And if he had earlier seemed reclusive, during the Fifties he decided to play a more public role in the nation’s and his region’s affairs. In 1956 he accepted President Eisenhower’s invitation to be the Chairman of the Writer’s Group in the People-to-People program that the administration launched as a public relations counterattack to what was perceived as the Soviet Union’s international propaganda campaign. He also took it upon himself to speak out about the racial tensions and conflicts that were growing in the South as Jim Crow segregation was being challenged and defended in courtrooms, schools and the streets. From Light in August (1932) to Absalom, Absalom! (1936) to Go Down, Moses (1942) to Intruder in the Dust (1948), his fiction had almost steadily become more preoccupied with the legacy of slavery and the injustices of racism. There are passages in Intruder that some critics have seen as Faulkner using the pages of his novel as a platform from which to directly address to his contemporaries about relations between black and white, and between South and North. Beginning with a letter in 1950 to the Memphis Commercial Appeal about a white man who was convicted but not executed for murdering three black children, Faulkner started speaking in his own name, on his authority as a Mississippian, about civil rights and wrongs. Before taking up his post at Virginia, he published three articles on the issue in national magazines: Life, Harper’s and even Ebony. (His Life piece, “Letter to the North,” was reprinted in a UVA student publication during his first term in residence. During his 30 May 1957 session with the public, a member of his all-white audience asked Faulkner what advice he had given in the Ebony article “to the colored people” about “the way they should act toward integration” .) Though his UVA audiences several times raise the topic of race in his work or the Supreme Court’s ruling, it seems to have been entirely Faulkner’s idea to use the pulpit of his residency to speak out about integration. “A Word to Virginians,” delivered on 20 February 1958 at the start of his second term as Writer-In-Residence to about 350 white people, was perhaps the climax of Faulkner’s efforts to influence the course of the Civil Rights Movement. By then the Supreme Court’s decision in Brown v Board of Education (1954) had led to an escalating series of confrontations over integrating the schools, Martin Luther King had emerged as the eloquent and determined leader of the forces working for change, and the defense of segregation had provoked more and more extreme measures, from a bombing in Clinton, Tennessee, to Virginia’s plan to close its public schools rather than integrate them. In Faulkner’s various pronouncements on this issue there are occasionally extreme moments too, and 21st century readers will probably see him as a racial conservative, even a racist, but he saw himself as a moderate who knew blacks could no longer be denied their rights as people and citizens but who also knew the white South would resist orders coming from “outlanders,” by which he meant the North . Privately during the late-1950s Faulkner helped pay the tuition of two African American students at black colleges. Publically his comments played very little role in the deepening crisis. Northern liberals dismissed them as temporizing apologetics for an indefensible system. But many white Southerners considered them a betrayal of his homeland; even as he was being more acclaimed around the world, he felt increasingly alienated from his neighbors in Oxford, including most of his closest relatives. According to his biographers, his status as almost a pariah in the Deep South probably increased his willingness to say Yes when the UVA English Department invited him to move to Charlottesville, though it may also have made University President Colgate Darden wary about approving that offer.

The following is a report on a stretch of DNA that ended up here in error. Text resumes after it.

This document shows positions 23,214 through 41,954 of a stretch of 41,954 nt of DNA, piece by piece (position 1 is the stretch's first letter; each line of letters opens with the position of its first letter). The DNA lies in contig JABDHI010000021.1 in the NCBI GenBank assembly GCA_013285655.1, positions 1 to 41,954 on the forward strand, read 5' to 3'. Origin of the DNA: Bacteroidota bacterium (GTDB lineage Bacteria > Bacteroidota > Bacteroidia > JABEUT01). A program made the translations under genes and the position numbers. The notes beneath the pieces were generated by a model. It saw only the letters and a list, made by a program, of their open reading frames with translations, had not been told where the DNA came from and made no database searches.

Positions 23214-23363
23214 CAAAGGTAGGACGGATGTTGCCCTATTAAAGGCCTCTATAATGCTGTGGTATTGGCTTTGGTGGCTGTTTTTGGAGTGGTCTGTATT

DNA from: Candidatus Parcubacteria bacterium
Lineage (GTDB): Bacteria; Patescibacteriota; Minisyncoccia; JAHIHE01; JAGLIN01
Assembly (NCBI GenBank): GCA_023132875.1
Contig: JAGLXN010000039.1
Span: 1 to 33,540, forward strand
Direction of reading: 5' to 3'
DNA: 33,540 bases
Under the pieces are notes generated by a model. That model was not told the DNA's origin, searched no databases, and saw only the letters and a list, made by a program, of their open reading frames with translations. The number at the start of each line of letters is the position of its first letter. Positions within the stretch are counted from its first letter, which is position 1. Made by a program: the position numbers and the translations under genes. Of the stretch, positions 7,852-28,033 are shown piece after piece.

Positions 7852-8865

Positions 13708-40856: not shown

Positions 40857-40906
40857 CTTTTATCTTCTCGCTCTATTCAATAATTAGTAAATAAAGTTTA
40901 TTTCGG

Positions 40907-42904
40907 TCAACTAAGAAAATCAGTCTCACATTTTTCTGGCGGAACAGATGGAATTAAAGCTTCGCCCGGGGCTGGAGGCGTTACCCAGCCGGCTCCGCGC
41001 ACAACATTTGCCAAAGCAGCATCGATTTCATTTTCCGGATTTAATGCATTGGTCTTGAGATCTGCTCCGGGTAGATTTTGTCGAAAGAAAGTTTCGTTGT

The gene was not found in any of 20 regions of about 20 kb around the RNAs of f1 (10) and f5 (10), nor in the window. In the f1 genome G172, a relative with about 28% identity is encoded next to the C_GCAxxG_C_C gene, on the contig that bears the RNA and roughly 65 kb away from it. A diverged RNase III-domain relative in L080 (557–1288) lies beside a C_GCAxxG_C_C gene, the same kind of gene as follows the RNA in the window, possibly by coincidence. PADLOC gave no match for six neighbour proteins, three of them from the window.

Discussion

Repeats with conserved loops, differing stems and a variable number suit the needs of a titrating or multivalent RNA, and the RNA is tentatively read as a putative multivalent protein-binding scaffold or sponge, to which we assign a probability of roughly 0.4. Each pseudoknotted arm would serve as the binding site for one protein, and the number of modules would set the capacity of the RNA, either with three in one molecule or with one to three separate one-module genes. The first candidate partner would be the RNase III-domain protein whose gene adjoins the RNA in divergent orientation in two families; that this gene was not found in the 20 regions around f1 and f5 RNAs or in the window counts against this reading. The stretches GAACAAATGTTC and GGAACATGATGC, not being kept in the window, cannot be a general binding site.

According to the record, Darden was unenthusiastic about bringing Faulkner to the grounds. Another cause of his uneasiness may have been the writer’s well-founded reputation as a drinker. His only previous invited visit to UVA occurred in 1931, when he was asked to participate in a conference for southern writers; during the conference, whenever Faulkner did show up for a scheduled event, he had been unmistakably, amazingly drunk. He still regularly struggled with his attraction to alcohol. A spree in New York in February 1957 had landed him in the hospital for three days immediately prior to the start of his first term as Writer-in-Residence, and twice during his two semesters at UVA he was similarly hospitalized to recover from the effects of binging. His drinking was one indication of Faulkner’s troubled life during his years here. His daughter Jill was married to a UVA Law student, and the longing he shared with his wife Estelle to be near their first grandchild played a major role in his decision to come to Charlottesville, but inside even this immediate family there were long-standing tensions. Unlike his visit in the Thirties, as Writer-in-Residence Faulkner fulfilled all his duties to the University, including keeping daily office hours and attending and sometimes hosting social functions, but the evidence indicates that despite all the rewards that had finally come to him, in the late Fifties Faulkner was still haunted by the “demon” that, he said, drove every good writer..